When Joy (Jennifer Lawrence) was a little girl, her head was full of dreams about what she would do with her life, she wanted to create things and make the world a better place, and her grandmother Mimi (Diane Ladd) would encourage her to seize any and every opportunity that came her way to make those dreams a reality. However, once she had grown up she found life was none too accommodating for a young, working class mother who had a house packed with her family, including her father Rudy (Robert De Niro) and ex-husband Tony (Edgar Ramirez), all of whom relied on her. In fact, she was beginning to buckle under the strain, and those dreams never seemed so far away as they did now...
This film started life as a simple enough script for a biopic of Italian-American shopping magnate Joy Mangano, but it was felt the material lacked that special something to make it sing, so director David O. Russell was brought on board for a rewrite. This turned into a complete overhaul as he fictionalised the tale to create what was effectively a twenty-first century variation on the sort of women's pictures that routinely appeared in the middle of the previous century, though now had dried up dramatically to the extent that there did not appear to be a market for them anymore. In spite of him casting Jennifer Lawrence when he took the helm, the closest thing to a Lana Turner, Bette Davis or Joan Crawford Hollywood had at the time, it seemed that market was indeed gone.
The pity of it was that after the snooty reviews from professionals and public alike that Joy simply rearranged some very clichéd furniture of the sort that movies had supposed to have outgrown, when many viewers did give it a chance, some of them reluctantly thanks to the reputation this had received, they discovered an impeccably performed, very pleasant surprise. This was not an unironic take on the American Dream, though that's what it was superficially, it was more a demonstration of just how difficult that state of success was to attain when there were so many factors against you, particularly if you were a woman. In Lawrence, we had someone who embodied the can-do attitude that her character had to channel if she was to overcome all sorts of setbacks and people telling her, "You can’t do that!"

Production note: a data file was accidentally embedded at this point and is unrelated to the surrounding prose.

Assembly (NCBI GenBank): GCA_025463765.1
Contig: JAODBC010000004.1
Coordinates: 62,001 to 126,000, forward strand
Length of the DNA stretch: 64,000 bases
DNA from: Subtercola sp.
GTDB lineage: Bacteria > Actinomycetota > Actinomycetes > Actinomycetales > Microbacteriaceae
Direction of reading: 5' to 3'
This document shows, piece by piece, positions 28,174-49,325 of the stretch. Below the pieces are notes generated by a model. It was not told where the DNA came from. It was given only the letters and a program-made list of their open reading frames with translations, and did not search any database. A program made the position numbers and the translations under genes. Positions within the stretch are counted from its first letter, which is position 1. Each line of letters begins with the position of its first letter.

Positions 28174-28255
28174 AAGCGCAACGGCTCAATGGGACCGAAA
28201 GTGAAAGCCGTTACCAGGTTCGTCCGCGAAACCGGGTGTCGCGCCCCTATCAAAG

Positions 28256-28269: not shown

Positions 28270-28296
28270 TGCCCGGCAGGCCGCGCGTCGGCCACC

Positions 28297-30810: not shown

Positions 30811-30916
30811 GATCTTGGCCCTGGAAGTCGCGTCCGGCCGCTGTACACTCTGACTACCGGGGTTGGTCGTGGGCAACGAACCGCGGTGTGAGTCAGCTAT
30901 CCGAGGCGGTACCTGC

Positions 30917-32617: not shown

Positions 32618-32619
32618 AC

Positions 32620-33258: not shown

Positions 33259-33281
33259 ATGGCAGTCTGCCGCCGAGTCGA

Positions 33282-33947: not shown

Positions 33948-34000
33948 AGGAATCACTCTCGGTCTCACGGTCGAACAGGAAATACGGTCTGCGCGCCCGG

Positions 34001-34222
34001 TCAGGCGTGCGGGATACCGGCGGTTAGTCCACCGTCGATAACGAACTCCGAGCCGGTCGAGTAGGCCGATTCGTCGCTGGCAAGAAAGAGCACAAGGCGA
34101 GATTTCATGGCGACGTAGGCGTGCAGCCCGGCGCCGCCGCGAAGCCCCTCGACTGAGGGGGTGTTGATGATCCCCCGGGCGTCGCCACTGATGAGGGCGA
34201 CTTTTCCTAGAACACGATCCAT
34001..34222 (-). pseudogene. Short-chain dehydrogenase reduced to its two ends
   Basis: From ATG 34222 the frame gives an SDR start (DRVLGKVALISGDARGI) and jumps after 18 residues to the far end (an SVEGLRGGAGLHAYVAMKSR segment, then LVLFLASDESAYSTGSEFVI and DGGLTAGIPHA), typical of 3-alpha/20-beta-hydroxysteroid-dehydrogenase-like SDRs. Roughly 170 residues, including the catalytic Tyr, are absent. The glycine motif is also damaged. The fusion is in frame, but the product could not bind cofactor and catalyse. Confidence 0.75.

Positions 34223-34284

That was because she could do that, she just had to believe in herself, follow her ambition... already this is sounding very corny indeed, isn’t it? But the manner in which it played out was something different, indicating it's often a miracle if an individual rises from nowhere to make anything of themselves at all, as seen from Joy's beginnings that weigh her down so much that on first sight you may be forgiven for thinking this was a withering look at the underclass of the United States. Joy may have a job, but she is using it to support her relatives who aside from her little son and daughter are deadbeats to a man and woman, and while there is amusement to be had from their can-don't attitude, there was a serious point to be made about the kind of society that keeps its citizens down by giving them unrealistic goals.
Tony, for example, fails to hold down a job because he has convinced himself that he will be a great singer, the next Tom Jones, which we can see is highly unlikely but he cannot. Rudy believes in the institution of marriage, unless he is actually married when it becomes something very difficult to sustain, and Joy's mother Terry (Virginia Madsen) is so defeated by life that she spends her days in bed watching soap operas she is more invested in that what's going on around her in reality. So what makes them different from Joy, whose dream is to manufacture and sell a self-wringing mop? Maybe she wanted it more, maybe the stars were in alignment, but mostly it's because she refuses to be beaten down simply because that just isn't fair, and she is not going to accept that no matter how unfair the world is; essentially she bends the rules in her favour, as if it were her superpower. Not to say there would be no heartache along the journey, but if there was a moral it was an old one: if you want something done right, do it yourself, so when Bradley Cooper in an admirably self-confident performance waves his magic wand and gets Joy on his shopping channel, she finds people want a bit of her ingenuity. Maybe old-fashioned, but there was wisdom in that. Music by David Campbell and West Dylan Thordson.